Funny, he doesn’t look Vulcan

Saw the new “Star Trek” film yesterday. Those of you who have seen it know it’s a delightful movie – a real rip roaring ride. The new film also contains a huge number of brilliantly clever thematic shout outs to the original series, none of which get in the way of the story.

The film contains so many knowing homages to the original, ranging from extremely subtle (the older Spock making a winking dig at the absurd conventions of parallel universe stories) to laugh out loud overt, such as the particular way that Scotty ends up saving the day in five seconds of insanely inspired engineering – one of the funniest things I’ve seen in a movie in a long time.

But I think my favorite inside reference was the casting of Ben Cross, of all people, to play the Jewish patriarch. Yes, I know, he’s supposed to be a Vulcan, but anybody who remembers the dynamic between Mark Lenard and Leonard Nimoy in the original series knows exactly what Roddenberry was up to back in 1966. The back story here is clearly about the complexities of love between a devout Jew and a woman not of the faith – shades of “The Jazz Singer”.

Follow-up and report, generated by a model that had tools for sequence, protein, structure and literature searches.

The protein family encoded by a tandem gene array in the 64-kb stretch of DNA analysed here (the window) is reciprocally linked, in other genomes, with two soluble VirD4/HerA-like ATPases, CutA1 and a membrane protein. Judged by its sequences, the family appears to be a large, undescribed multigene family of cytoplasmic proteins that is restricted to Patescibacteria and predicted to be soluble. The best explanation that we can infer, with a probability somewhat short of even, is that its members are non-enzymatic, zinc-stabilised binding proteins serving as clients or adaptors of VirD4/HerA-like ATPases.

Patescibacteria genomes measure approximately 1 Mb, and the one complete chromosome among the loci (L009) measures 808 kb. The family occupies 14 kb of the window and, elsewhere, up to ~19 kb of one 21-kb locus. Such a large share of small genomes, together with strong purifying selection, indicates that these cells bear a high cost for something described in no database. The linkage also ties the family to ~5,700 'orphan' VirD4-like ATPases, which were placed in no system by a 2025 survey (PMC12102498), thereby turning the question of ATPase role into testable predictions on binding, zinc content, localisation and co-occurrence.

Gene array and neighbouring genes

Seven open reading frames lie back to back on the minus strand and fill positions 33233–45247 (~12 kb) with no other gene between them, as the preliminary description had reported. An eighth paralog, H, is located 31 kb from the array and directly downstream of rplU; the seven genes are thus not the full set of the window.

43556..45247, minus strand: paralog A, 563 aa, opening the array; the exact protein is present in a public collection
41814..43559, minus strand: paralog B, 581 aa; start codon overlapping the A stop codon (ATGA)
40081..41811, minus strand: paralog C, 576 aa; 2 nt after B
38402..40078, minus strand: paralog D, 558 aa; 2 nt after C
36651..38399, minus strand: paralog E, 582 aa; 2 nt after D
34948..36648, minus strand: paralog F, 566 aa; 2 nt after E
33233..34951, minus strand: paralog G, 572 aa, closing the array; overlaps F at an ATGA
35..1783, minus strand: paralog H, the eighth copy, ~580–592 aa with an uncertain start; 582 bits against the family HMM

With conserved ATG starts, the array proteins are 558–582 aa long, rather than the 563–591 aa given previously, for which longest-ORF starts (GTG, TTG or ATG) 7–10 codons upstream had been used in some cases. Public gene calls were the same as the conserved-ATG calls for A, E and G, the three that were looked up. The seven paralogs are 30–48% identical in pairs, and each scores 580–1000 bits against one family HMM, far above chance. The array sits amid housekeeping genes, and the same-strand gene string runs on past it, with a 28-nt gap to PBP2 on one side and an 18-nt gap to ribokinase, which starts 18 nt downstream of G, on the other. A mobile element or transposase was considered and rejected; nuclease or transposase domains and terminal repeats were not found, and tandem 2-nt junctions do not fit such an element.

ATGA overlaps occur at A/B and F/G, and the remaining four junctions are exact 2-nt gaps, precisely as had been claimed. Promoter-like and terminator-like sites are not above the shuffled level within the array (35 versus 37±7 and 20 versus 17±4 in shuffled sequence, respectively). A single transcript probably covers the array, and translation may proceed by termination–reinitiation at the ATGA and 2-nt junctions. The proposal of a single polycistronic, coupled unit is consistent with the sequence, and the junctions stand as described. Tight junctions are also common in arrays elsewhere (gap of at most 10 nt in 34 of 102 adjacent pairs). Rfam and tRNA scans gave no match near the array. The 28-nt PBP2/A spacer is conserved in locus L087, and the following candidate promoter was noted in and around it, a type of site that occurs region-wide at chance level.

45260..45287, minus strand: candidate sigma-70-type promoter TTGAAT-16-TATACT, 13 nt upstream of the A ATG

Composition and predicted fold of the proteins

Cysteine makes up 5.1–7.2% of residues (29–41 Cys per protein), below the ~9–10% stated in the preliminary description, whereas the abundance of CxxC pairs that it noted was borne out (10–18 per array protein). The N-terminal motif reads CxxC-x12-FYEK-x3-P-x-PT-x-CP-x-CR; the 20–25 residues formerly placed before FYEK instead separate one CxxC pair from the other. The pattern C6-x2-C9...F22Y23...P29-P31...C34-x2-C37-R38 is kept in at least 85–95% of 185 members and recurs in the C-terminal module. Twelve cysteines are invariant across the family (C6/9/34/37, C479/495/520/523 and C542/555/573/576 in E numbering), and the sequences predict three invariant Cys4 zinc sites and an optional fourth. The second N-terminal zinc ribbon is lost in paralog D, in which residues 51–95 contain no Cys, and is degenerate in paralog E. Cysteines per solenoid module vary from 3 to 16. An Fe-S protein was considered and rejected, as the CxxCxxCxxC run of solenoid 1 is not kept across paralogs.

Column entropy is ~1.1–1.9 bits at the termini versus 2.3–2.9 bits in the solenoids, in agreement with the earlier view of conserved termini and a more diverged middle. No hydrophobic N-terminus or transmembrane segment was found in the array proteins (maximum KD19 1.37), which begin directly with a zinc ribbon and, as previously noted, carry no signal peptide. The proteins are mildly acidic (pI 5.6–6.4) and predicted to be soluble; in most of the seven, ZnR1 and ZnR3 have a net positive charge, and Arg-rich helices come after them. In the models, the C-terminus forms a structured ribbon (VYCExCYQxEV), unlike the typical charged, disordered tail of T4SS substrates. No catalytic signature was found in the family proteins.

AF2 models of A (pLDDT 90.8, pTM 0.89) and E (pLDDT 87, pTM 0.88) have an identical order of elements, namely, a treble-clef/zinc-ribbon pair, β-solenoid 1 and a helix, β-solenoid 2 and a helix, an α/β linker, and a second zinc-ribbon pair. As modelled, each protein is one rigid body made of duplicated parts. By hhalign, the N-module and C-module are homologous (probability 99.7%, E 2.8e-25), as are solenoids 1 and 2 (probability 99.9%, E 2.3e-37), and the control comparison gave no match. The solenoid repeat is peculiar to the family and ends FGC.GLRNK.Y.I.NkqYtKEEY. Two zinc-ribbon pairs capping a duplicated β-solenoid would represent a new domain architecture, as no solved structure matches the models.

Who better to take over for Mark Lenard than the man who iconically played a proud Jew who married a non-Jewish woman and then, with her by his side, took on the whole world? Watching Cross channel Sarek, I could almost hear the theme song of “Chariots of Fire” blend into Al Jolson singing “Kol Nidre”.

Which sets up one of the best of the film’s many surprising plot twists. In a lovely departure from the original series, this dynamic is continued into the next generation, in the romantic heart of Spock himself.

2 Responses to “Funny, he doesn’t look Vulcan”

  1. Theophrastus says:

    You know, Roddenberry was Southern Baptist. I think you might be reading too much into this.

  2. admin says:

    You have a point there. But to misquote “The Man who Shot Liberty Valance”: When the legend becomes funnier than fact, print the legend. :-)

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